Now serving: Renegade Lunch Lady Ann Cooper, who's taking on the Boulder Valley School District. Cooper is known nationally as an advocate for healthier school lunches for children, and has already created greatly improved nutritional meal programs in New York and at the Berkeley Unified School District in California.
I recently spoke with her about what it takes to break the old stereotypes and convince kids to eat healthy.
Westword (Tyler Nemkov): So, how is the Boulder conversion going?
Ann Cooper: It's just in its infancy phase. We were hired in January to consult for just six months, and right now we are looking at budgets and we are looking at procurement. Basically, that is all that is happening right now, but this is just baby steps. We won't start full time until next school year.
WW: How long are you involved in the process?
AC: We'll see. It's up to the school districts. I'm thinking two to three years.
WW: Is that how long you were at Berkeley?
AC: Yes, and Harlem. Just a couple years.
WW: Has the economy changed everything?
AC: Not so far, but I'm sure it will somehow.
WW: Will it have an effect in how long you're here?
AC: I don't really think so. I hope I'm not being naive, but I just don't think it will be an issue.
WW: So then what kind of effect will it have on the final outcome?
AC: It will make things more challenging and maybe slower, but eventually it will all happen.
WW: And what does 'it' mean? What's the ideal goal with all this?
AC: Feeding all the students in the district with the healthiest foods possible, made from scratch, made from central locations and procured as local as possible.
WW: You've redone a school in Harlem and Berkeley's school district. How are they doing since you've left?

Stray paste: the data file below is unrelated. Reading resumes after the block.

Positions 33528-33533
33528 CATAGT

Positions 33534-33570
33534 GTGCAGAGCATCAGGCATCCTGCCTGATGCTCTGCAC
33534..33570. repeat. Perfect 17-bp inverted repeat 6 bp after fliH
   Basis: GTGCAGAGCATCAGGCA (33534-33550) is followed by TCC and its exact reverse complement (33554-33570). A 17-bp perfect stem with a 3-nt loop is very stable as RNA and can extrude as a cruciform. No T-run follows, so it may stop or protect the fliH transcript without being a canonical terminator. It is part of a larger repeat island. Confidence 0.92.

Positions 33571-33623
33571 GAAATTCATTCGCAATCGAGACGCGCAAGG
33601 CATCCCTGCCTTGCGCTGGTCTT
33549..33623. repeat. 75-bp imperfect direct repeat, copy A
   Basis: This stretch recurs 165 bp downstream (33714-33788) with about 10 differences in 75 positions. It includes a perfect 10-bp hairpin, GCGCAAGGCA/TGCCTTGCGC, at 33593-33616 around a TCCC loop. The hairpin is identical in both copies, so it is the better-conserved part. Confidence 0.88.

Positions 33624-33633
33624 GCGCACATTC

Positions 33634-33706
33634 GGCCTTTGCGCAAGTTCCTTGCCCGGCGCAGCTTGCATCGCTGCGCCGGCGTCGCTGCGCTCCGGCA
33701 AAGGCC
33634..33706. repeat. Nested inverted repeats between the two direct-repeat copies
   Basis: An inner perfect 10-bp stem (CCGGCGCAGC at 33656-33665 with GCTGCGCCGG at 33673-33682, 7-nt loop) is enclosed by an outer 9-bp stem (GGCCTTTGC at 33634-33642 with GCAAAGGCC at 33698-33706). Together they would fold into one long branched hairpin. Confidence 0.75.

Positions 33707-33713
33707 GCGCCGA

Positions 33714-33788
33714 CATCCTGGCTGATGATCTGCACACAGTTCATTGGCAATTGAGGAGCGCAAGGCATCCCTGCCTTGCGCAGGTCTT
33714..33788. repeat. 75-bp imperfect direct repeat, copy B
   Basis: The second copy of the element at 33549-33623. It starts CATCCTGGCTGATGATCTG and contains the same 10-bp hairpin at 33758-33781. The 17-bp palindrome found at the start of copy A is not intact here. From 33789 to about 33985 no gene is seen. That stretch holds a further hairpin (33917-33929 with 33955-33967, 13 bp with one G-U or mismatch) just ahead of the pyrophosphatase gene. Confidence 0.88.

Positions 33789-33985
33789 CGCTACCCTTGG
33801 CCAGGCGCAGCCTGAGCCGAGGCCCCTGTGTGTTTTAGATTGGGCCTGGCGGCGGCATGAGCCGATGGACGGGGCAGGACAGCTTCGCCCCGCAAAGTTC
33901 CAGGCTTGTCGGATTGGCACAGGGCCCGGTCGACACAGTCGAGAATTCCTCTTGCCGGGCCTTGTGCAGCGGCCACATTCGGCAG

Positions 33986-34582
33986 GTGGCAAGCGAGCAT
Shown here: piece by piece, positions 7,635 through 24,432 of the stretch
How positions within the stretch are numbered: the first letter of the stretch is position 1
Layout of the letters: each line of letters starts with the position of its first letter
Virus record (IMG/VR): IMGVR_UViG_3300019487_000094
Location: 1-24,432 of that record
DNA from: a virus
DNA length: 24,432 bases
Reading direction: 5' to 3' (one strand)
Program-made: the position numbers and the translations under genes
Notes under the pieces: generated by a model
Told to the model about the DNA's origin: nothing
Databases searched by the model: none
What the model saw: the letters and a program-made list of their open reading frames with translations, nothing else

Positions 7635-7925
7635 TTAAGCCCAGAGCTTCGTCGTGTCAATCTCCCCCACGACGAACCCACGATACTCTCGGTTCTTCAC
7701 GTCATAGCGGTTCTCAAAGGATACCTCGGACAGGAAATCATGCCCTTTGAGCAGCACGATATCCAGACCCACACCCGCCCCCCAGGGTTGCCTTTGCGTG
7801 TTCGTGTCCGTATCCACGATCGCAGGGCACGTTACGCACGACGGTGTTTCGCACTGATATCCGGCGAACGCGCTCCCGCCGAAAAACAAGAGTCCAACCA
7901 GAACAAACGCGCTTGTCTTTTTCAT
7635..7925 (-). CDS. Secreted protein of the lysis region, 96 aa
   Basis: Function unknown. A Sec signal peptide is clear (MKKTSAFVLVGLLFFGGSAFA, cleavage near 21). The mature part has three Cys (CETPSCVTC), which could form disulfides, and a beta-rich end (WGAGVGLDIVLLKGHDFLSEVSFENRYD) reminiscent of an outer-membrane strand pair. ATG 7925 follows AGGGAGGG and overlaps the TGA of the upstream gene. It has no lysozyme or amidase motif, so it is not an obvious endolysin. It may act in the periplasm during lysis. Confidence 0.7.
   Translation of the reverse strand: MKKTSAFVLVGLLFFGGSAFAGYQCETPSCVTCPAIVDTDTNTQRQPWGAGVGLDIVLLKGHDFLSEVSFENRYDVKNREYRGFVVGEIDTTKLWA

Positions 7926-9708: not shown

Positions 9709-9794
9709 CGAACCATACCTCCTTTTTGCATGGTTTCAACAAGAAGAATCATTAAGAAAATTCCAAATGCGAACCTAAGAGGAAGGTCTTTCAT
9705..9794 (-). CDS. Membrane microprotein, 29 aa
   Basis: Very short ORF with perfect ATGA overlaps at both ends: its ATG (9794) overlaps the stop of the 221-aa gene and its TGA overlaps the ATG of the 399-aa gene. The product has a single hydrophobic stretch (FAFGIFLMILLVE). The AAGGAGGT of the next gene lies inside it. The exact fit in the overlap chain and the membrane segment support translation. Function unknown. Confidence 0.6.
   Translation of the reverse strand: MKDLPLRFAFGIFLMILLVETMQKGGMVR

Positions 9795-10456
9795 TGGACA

AC: They are sustainable. I'm still at Berkeley half-time, but I left the Ross School in 2004 and so five years later they're doing great. The person who has taken over for me as executive chef is also working for my consulting business. We check on them often. If it's done right, it will be sustainable.
WW: Why did you choose Boulder as your next location?
AC: They chose me. They approached me and we spent a lot of time talking and after a while I felt like it would be a good fit.
WW: Does that mean you get a lot of offers from other schools?
AC: It does, but the reason I went with Boulder is that they're really at a high level of readiness. The superintendent, the school board and the community are all ready to make change.
WW: I picture Harlem and Berkeley and they seem like direct opposites, but is the process the same?
AC: Well, first off, the Ross School was just one school. It was a well-funded charter school that really already believed in these things, so again, the reason it worked was because the head of the school really believed in this issue. I think that when you have a high level of readiness, that's how it happens.
WW: So you're trying to reform the way people are eating, but it seems like you're not doing it person-by-person, it seems like you're trying to effect the people up top to do it.
AC: Not exactly. They have to want to do it. When they believe it and want to do it, then you bring someone in who knows how. They secure the resources, whether it's human or financial resources.
WW: How do you think this can become a bigger issue?
AC: It's about exposure, about everything we're doing now. I'm getting a lot of e-mails coming in from school districts who want to do something about school food in America. I think my work made a difference for that.
WW: Have you seen greater acceptance or appreciation in Boulder?
AC: Well, the Boulder Valley School District is not just Boulder. They are extremely varied demographically, and from a socioeconomic as well as a political level, not everyone is going to agree on what change looks like.
WW: Is anyone resisting yet?
AC: Not yet, but we'll see. No one has had to do anything yet. When it starts costing somebody money, then we'll see. But I heard this when I was at Berkeley, people were saying, "That can only be done in Berkeley" and now people are saying, "This can only be done in Boulder." But it's all different.
WW: Do you think places like Boulder or Berkeley are easier, then?
AC: What makes it easy or not is not where it is. It's really about the superintendent, the school board and the community getting behind it. And that could happen in Harlem and then it can happen in Berkeley. And one of my very good friends did something similar in a small district in Traverse City, Michigan. So it doesn't matter as long as they're ready, they can make it happen.
WW: What is at the root of the problem you are trying to solve?
AC: The health and well-being of our children. Because of what they're being fed, they are getting sick. Now 70 percent of Americans are overweight or obese and the CDC says that if we don't turn it around, every man, woman and child in our country will be obese by 2040. It will look like Wall-E.